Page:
"With animal metaphors you can sum up feeling, actions, and motives in just one word," P.O.S says. "You can stretch that for days in the right context."

Sims has made good use of the device, having released a pair of projects — Bad Time Zoo and its companion EP Wildlife — imbued with animal motifs. Drawing inspiration from animal references by authors Ray Bradbury, Ernest Hemingway, and Herman Melville, he finds the subject keeps coming up in his own work, often used to dissect aspects of society.

Dessa similarly draws on the animal kingdom for symbolic reference and poetic effect, frequently titling songs after animals.

"It can do a lot of heavy lifting, because there are a lot of associations that you can tap into," she says. "In the song 'The Lamb,' I not only get to use those animals as characters, but I benefit from the association of their biblical roles."

It's affecting imagery, from the mythological references of "The Beekeeper" to the juxtaposition of animal characteristics with human traits in "Fighting Fish."

"A fighting fish is this regal looking, beautifully colored, dramatic beast," Dessa says. "But then it's equally kind of sad that we present this majestic creature in a shot glass, essentially," 

Liberation is a constant theme in Doomtree lore, and the zoo concept summons cages as well. The show's poster, illustrated by artist Emmanuel Mauleón, features a tiger in motion, beset with ropes that drag the severed hands of its captors. Escape from captivity is a theme P.O.S touches on throughout his album We Don't Even Live Here.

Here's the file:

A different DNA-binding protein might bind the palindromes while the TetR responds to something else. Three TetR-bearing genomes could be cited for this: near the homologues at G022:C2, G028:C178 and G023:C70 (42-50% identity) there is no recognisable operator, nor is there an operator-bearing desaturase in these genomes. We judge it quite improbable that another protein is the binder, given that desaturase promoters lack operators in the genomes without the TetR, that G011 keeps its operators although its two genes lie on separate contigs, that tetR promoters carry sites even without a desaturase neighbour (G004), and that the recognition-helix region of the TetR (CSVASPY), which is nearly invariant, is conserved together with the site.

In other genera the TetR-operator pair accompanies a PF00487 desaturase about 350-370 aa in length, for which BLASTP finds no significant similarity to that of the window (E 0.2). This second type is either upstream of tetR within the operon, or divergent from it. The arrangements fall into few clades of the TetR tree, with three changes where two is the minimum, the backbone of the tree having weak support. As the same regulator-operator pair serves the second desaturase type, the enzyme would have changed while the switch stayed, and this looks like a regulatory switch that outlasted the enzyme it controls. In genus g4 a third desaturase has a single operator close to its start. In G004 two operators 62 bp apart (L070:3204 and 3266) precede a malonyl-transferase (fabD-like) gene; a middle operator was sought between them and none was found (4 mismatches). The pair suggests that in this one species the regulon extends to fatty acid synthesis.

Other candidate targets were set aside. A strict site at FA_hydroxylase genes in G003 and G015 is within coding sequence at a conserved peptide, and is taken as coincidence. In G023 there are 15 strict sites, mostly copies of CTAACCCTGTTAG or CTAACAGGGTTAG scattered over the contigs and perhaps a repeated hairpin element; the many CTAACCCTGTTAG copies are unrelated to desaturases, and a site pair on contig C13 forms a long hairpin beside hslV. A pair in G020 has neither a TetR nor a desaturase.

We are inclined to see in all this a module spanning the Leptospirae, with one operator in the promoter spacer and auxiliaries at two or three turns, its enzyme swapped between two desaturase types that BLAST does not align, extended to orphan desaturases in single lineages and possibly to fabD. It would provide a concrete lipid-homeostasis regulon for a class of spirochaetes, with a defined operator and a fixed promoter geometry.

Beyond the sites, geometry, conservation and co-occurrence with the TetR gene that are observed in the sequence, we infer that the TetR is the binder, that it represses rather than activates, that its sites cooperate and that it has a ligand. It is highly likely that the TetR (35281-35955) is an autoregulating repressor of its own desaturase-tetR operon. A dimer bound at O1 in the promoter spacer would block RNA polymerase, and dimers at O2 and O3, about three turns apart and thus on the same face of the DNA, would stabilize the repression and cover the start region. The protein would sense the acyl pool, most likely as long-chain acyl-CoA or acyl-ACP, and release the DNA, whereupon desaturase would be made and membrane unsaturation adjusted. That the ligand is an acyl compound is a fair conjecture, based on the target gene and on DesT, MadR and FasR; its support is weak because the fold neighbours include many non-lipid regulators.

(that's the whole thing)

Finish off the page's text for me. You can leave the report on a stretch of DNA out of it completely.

"Who doesn't wanna escape sometimes?" he asks. "Sometimes life is not tight. What can you do about it? Get freer. Escape. Play."

Cecil Otter's recurring imagery of the romanticized drifter plays into this as well, with occasional lone wolf references, ones he says pop up mainly Portlandia-style: "I talk about wolves here and there, just cuz it's popular now — put a wolf on everything."

Mike Mictlan's HELLAFRREAL explores similar themes, and he wanted the Doomtree Zoo to be a manifestation of that liberated feeling.

"I feel like I wanted it to be more like, us letting the animals out of the cages," Mictlan says. "Kind of like putting a mirror back on society, like, this is what happens when you try to control everything."

His music touches on the strange state of human nature, comparing himself to a dog as a way to draw lines between animal instincts and the human condition.

"I joke around sometimes how humans are like contemporary slave masters, and dogs are like slaves now," he says. "You know, keep 'em on a leash and they're like our weird perversion of controlling nature, which is completely changing evolution."

Doomtree's own evolution continues with Doomtree Zoo, and it's a solid sign of the crew's strength and ability to adapt. 

Doomtree Zoo

With: Doomtree, Aesop Rock with Rob Sonic, Trash Talk, Shabazz Palaces, Open Mike Eagle, Serengeti, Aby Wolf, Koo Koo Kango Roo, Anonymous Choir.
When: 2 p.m. Oct. 3
Where: CHS Field. 
Tickets: $35-$100; more info here.